Culture Vs Competency

Joe Weinlick
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In a highly competitive labor market, there are plenty of people with a lot of talent to go around for just one position. However, finding a person who is the right fit for your company's culture may be more difficult. When it comes to culture versus competency, one business leader suggests you should try hiring for the better cultural fit amid a talent war for the best candidates.

William Vanderbloemen, CEO and founder of executive search company Vanderbloemen Search Group, believes culture wins against talent every time in the culture versus competency debate. Part of Vanderbloemen's perspective comes from failed hires in the past when he ran a church at the young age of 31. As the leader of the church filled vital positions on his staff, he looked for the best talent only to find these super-skilled pastors did not fit in with the church's congregants or its culture.

Methodology

When it comes to culture versus competency, it's more efficient and important to teach people skills after hiring for the right cultural fit to prevent having to rehire for the same position over and over again. That's because Vanderbloemen feels anyone can learn competency, or talent, to land a job. On the other hand, you can't learn or teach culture to someone. A candidate is either a fit with the company culture or not, but any candidate can learn the right skills, qualifications and certifications, especially in the digital age. Candidates can take online courses, attend college classes remotely and read industry-specific articles to sharpen their skills and knowledge. That's why the talent war is so muddled and diluted, because anyone has the opportunity to learn the same skill set as everyone else in the fight of culture versus competency.

Finding the Right Cultural Fit

You can find new hires with the right cultural fit using a few techniques. Start with the company's values or mission statement, but avoid generic terms such as "excellence," "customer-centered" or "team players." Just about every company wants people on its team with those characteristics. Instead, articulate the company culture well enough that anyone can spot it. Values should stand out from other companies and be very specific.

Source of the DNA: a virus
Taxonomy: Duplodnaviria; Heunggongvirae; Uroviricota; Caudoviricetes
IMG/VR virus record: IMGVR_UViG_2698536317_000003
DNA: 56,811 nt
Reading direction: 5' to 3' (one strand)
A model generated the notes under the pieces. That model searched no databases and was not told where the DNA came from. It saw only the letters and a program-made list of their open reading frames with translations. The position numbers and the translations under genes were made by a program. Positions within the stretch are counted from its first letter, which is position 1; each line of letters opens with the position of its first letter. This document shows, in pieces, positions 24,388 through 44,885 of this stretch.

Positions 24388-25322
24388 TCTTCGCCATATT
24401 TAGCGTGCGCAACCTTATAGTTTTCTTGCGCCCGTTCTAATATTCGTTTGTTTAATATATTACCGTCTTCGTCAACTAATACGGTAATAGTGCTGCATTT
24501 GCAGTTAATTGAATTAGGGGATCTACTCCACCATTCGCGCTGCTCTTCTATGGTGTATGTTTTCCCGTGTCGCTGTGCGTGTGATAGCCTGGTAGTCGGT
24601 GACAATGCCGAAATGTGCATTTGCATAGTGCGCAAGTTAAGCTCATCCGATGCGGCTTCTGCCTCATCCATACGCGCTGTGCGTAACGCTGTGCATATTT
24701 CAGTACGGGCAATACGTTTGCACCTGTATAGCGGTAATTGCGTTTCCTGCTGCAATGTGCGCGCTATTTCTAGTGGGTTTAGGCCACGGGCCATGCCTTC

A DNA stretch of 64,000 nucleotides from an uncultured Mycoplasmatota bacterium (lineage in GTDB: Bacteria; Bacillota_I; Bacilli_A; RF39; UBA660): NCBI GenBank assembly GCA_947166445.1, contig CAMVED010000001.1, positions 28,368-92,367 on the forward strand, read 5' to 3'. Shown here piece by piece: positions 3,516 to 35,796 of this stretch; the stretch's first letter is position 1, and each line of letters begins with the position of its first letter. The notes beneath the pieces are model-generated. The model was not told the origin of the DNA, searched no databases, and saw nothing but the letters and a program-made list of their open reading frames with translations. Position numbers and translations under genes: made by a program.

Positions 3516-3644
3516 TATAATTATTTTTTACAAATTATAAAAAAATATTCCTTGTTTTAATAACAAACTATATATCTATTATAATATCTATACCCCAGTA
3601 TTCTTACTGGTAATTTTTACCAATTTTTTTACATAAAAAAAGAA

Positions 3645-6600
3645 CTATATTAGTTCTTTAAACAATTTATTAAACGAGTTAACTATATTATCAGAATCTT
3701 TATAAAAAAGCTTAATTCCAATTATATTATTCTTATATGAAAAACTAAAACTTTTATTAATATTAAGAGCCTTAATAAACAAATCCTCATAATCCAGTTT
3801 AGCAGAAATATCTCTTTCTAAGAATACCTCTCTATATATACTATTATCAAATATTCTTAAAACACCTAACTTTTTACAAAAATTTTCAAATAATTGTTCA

Determine if someone can learn the core competency of a particular position quickly and easily, say within 90 days. If so, then cultural fit wins out over finding a talented person in terms of culture versus competency. When talent is a dime a dozen, search for the right cultural fit to find employees who want to work for your company.

Try reverse psychology on potential candidates when you attempt to find the right characteristics in a hire. List the day-to-day activities that someone should not expect when working for your company. For example, "If you expect to have a structured day with same the routine, then perhaps this job isn't for you."

When it comes to culture versus competency, try hiring people with the best cultural fit first and see what happens. You might just create a better core group of employees and keep hires on board for longer periods of time.


Photo courtesy of Jonn Doe at Flickr.com

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